Besides, the designation Elohiym is all over the place, and one of the first things any student of the Hebrew language learns is that anything ending with –im is a plural! Why, then, is God called Elohiym – “gods” – rather than simple Eloh? On the face of it, the Shema makes no sense – Hear, Israel, YHVH your gods, YHVH is one. He is a plural and yet He is one? Logic dictates that this is invalid by very definition! How can it be?
Let us step back for a moment to example one of the few instances where God Himself is actually seen in the Scriptures: Daniel 7. “I watched till thrones were put in place,” Daniel records, “And the Ancient of Days was seated.” He continues, going on to describe this Ancient of Days in terms which can only indicate the everlasting God – thousands upon thousands ministering to Him and standing before Him. We are left with no doubt that the one whom Daniel is describing is God.
And yet, let us read what Daniel says happened next:
“I was watching in the night visions, and behold, one like the Son of Man, coming with the clouds of heaven! He came to the Ancient of Days, and they brought him near before Him. Then to him was given dominion and glory and a kingdom, that all peoples, nations, and languages should serve him.”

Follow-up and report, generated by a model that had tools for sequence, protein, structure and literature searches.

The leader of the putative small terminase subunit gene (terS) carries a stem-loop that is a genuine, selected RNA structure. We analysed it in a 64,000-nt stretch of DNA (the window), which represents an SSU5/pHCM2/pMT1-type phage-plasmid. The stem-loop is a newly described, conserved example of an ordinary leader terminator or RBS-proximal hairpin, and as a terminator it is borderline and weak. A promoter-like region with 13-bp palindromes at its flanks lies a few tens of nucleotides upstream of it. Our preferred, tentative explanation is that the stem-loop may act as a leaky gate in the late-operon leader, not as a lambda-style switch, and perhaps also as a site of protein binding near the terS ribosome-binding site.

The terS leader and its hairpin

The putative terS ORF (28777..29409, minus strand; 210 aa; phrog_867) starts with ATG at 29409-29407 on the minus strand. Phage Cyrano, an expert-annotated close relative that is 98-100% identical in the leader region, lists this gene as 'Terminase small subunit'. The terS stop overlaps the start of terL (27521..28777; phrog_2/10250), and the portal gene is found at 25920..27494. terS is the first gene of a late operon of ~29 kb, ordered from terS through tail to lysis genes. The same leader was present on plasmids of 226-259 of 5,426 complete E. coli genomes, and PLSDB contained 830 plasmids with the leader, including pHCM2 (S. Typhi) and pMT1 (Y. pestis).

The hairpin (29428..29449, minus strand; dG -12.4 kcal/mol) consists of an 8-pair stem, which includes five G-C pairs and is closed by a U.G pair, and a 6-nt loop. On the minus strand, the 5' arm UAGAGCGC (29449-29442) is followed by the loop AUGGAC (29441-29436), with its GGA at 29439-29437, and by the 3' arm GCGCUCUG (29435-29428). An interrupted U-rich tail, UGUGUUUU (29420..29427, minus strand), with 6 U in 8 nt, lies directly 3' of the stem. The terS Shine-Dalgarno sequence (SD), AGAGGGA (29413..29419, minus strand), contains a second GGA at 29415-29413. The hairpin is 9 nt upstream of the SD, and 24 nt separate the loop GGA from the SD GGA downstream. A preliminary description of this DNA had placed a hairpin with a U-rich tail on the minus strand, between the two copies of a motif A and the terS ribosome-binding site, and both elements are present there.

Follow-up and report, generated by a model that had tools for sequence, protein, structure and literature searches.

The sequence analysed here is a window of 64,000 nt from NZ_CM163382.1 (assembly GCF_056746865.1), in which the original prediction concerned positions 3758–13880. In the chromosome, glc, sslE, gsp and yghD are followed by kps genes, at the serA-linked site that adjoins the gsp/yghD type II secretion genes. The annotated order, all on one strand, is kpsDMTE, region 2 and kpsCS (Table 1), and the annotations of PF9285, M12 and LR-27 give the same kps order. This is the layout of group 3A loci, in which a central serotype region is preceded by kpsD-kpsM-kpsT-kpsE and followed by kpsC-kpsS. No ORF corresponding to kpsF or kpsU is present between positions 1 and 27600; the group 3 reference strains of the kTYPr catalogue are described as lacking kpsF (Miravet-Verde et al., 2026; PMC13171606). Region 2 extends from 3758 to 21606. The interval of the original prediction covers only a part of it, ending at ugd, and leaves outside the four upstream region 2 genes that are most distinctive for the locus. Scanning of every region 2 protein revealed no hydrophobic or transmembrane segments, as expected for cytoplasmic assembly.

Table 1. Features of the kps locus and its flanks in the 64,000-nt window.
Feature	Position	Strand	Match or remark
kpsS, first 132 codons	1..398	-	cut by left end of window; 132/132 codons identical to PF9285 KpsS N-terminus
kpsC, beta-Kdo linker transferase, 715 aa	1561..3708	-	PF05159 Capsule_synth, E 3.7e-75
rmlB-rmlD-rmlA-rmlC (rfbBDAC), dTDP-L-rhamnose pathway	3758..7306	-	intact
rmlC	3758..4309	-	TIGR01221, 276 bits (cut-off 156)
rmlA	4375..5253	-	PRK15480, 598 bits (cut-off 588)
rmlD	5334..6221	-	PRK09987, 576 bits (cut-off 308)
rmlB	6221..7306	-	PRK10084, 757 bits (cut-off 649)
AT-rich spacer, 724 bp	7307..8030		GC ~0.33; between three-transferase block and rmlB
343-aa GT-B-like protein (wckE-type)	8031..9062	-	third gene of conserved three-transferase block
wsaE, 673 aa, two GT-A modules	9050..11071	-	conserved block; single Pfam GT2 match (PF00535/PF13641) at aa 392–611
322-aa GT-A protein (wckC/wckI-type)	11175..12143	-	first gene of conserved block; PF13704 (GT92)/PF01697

A Jewish interpretation of the interaction described is that the one “like a son of man” – ke-var enosh – is simply a human, perhaps David or one of his descendants, a righteous king who is given a kingdom over all the earth. This is because a similar term, ben adam, is used more than one hundred times to mean “mortal”. However, in almost every instance, the phrase used is, in fact, ben adam, not bar enosh. The word enosh is used in Job 25:6, Psalm 8:5, Isaiah 51:12 and 56:2, but in each instance only on its own. The only time at which it is used in construct with ben or the Aramaic equivalent bar is in Daniel 7.
Moreover, Daniel is quite specific in using the preposition ke, meaning “as” or “like”. He describes the figure whom he sees as ke-var enosh – “like a son of man” – and not merely as bar enosh, or “a son of man”. The implication is, therefore, that the figure seen merely resembled a human, but was not, in fact, a human.